CNET First Look
Intel's new SSD 730 Series is a pleasure to look atCNET editor Dong Ngo reveals a secret feature of the Intel SSD 730 Series that makes it such as pleasure to look at. And that's a good thing since the drive is slated to last for a very long time.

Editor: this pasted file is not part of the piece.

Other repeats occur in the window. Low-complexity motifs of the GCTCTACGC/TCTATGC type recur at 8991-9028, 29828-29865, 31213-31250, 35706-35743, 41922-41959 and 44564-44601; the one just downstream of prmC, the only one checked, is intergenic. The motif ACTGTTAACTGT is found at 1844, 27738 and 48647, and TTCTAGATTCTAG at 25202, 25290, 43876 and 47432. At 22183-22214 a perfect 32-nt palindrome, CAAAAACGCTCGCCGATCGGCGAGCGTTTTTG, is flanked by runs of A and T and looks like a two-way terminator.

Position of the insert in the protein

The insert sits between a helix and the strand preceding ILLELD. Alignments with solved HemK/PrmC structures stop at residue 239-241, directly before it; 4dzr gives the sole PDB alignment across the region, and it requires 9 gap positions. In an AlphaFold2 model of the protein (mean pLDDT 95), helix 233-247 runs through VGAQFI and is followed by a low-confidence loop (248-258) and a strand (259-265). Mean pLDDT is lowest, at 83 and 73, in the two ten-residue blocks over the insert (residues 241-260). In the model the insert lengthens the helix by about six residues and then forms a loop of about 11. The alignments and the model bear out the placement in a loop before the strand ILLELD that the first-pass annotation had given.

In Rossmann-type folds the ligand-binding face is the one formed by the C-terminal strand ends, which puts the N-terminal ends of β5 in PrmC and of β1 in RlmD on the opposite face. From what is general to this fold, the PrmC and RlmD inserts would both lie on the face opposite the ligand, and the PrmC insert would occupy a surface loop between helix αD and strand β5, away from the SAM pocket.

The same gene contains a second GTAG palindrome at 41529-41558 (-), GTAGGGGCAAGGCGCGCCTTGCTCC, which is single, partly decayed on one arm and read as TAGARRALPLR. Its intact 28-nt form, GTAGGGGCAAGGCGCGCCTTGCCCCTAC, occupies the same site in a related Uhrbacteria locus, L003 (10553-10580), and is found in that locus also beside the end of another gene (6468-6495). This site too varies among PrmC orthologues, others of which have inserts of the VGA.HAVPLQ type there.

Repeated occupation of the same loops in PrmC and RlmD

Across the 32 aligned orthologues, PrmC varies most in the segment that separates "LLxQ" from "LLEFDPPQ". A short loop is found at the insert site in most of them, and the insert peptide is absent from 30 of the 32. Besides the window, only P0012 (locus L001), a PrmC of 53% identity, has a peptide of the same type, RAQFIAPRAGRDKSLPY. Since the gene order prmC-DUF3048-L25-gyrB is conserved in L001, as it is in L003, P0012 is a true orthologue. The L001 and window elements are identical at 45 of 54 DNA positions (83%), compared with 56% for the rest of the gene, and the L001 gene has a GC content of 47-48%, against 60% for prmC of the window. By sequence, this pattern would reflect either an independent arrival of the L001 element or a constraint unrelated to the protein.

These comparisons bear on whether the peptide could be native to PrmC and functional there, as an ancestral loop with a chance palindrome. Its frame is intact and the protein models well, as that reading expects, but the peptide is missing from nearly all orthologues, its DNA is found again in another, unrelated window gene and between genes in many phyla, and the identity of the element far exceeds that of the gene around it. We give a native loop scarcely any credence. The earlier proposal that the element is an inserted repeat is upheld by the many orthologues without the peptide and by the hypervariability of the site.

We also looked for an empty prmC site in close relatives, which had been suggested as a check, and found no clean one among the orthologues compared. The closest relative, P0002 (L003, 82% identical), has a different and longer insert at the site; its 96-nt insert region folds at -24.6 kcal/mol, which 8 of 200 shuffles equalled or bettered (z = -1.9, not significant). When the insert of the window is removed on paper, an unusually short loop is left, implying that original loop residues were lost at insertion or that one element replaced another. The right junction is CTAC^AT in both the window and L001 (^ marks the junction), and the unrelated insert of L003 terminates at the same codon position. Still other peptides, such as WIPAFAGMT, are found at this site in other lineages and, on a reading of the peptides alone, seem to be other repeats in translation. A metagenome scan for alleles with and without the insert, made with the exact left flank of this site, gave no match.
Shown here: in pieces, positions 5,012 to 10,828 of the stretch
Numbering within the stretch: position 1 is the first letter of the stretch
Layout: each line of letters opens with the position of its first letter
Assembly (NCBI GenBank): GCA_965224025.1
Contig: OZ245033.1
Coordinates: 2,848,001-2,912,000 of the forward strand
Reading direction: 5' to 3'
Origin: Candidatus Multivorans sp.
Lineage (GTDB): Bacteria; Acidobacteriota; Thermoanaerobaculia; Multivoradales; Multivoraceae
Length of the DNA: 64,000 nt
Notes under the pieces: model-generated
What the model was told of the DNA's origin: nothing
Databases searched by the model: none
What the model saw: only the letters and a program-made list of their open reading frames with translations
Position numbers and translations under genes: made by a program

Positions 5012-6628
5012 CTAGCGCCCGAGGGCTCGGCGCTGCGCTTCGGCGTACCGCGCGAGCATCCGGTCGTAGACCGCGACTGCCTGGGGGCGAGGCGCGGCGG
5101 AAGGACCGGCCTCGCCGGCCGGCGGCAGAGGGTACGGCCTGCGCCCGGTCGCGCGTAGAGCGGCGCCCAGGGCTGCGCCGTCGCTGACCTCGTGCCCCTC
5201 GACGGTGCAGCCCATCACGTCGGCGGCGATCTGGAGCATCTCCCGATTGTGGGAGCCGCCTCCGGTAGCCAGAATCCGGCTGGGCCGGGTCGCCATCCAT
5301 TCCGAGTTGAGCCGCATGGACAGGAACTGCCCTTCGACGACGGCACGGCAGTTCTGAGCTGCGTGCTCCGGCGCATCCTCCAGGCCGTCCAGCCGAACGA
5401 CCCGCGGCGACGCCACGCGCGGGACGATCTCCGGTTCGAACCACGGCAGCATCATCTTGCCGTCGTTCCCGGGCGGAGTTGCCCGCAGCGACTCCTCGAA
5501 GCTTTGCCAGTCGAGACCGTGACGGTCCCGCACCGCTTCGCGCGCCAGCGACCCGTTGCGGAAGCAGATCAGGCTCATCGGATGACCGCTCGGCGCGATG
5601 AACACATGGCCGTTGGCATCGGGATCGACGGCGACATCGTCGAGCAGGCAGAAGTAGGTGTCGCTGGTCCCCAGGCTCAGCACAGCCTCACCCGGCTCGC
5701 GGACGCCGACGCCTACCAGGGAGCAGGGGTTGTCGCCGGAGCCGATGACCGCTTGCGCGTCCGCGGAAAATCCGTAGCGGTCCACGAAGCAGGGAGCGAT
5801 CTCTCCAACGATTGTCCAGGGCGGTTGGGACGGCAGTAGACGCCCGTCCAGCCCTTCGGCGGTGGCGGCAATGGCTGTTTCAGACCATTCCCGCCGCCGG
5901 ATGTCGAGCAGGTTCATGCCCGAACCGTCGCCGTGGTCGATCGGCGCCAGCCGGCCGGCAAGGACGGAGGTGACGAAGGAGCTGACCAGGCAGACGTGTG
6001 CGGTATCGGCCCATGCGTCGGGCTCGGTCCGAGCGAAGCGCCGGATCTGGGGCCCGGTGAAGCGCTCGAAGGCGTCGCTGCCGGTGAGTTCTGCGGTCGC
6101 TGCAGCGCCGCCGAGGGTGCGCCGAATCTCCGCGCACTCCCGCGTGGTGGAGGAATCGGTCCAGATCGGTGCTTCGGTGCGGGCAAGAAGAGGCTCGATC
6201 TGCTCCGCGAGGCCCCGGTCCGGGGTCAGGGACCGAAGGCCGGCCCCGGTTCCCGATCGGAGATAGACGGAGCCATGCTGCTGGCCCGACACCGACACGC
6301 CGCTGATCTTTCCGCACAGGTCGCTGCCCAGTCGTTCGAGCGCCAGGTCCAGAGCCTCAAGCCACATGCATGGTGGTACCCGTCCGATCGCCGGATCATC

Hey, guys. Dong Ngo here. This is the latest SSD 730 from Intel. Now, this is the standard 2.5-inch solid-state drive or SSD. You can use this in place of a regular hard drive like this one right here, or even this one. And while you do, you get a huge jump in performance. Really huge. Now, this new drive here is made of all-aluminum casing, and it feel very solid even though it's very light. Over here, you can see there's a standard SATA port right here to hook it to a computer. And on top, it use a very attractive man, sketch as a logo, making it such a pleasure to look at. Now, the new drive here support the latest SATA 6 megabit per second but also work with older version of SATA. And that means it work in virtually all applications where a regular hard drive is used. Intel say that the new drive offer outstanding endurance or program array cycle. Now, with OSSD, there's a fine [unk] of time you can write to them before they become bad. And with this one here, Intel guarantee you can write up to 70 gigabyte per day on it every day for five years before it becomes unreliable. Now, to put that in perspective, even I don't write even 1/3 of that per day and definitely not every day. Many other SSD offer just about 20 gig per day, and that's already plenty. So, in other words, chances are something else in the computer gonna break before the drive here becomes bad. Now, that's a great part. The not-so-impressive part is the power consumption. The new Intel drive here use up to 1.5 watts when idle and up to 5.5 watts when in operation. Now, that is more than actually the regular laptop hard drive. And that means the new SSD here is not exactly great for your laptop's battery life. Now, in terms of performance, in my testing, this one did quite well right in the middle of the SSD chart. Among SSD that have very small difference when compared to the huge gain when removed from a hard drive. So, you know, I like it and fine with the suggested price of $249 for 240 gigabyte or $489 for 480 gigabyte. Hopefully and very likely, the suite price is gonna be much lower, which has always been the case of SSD. And that's also because on the market right now, there are other SSD that are faster but also cheaper. Now, for more on these SSD 730 Series here, check out my full review at CNET.com or just go and get it. If you're not too impressed about the performance, well, do what I do. Get another one and put the two of them in rate zero. Yes. You can do that. And then and only then, you are allowed to use this included sticker. You see, when it comes to performance, money can really do you some happiness. I know because, well, I'm Dong Ngo. And this has been the first look at the SSD 730 Series from Intel.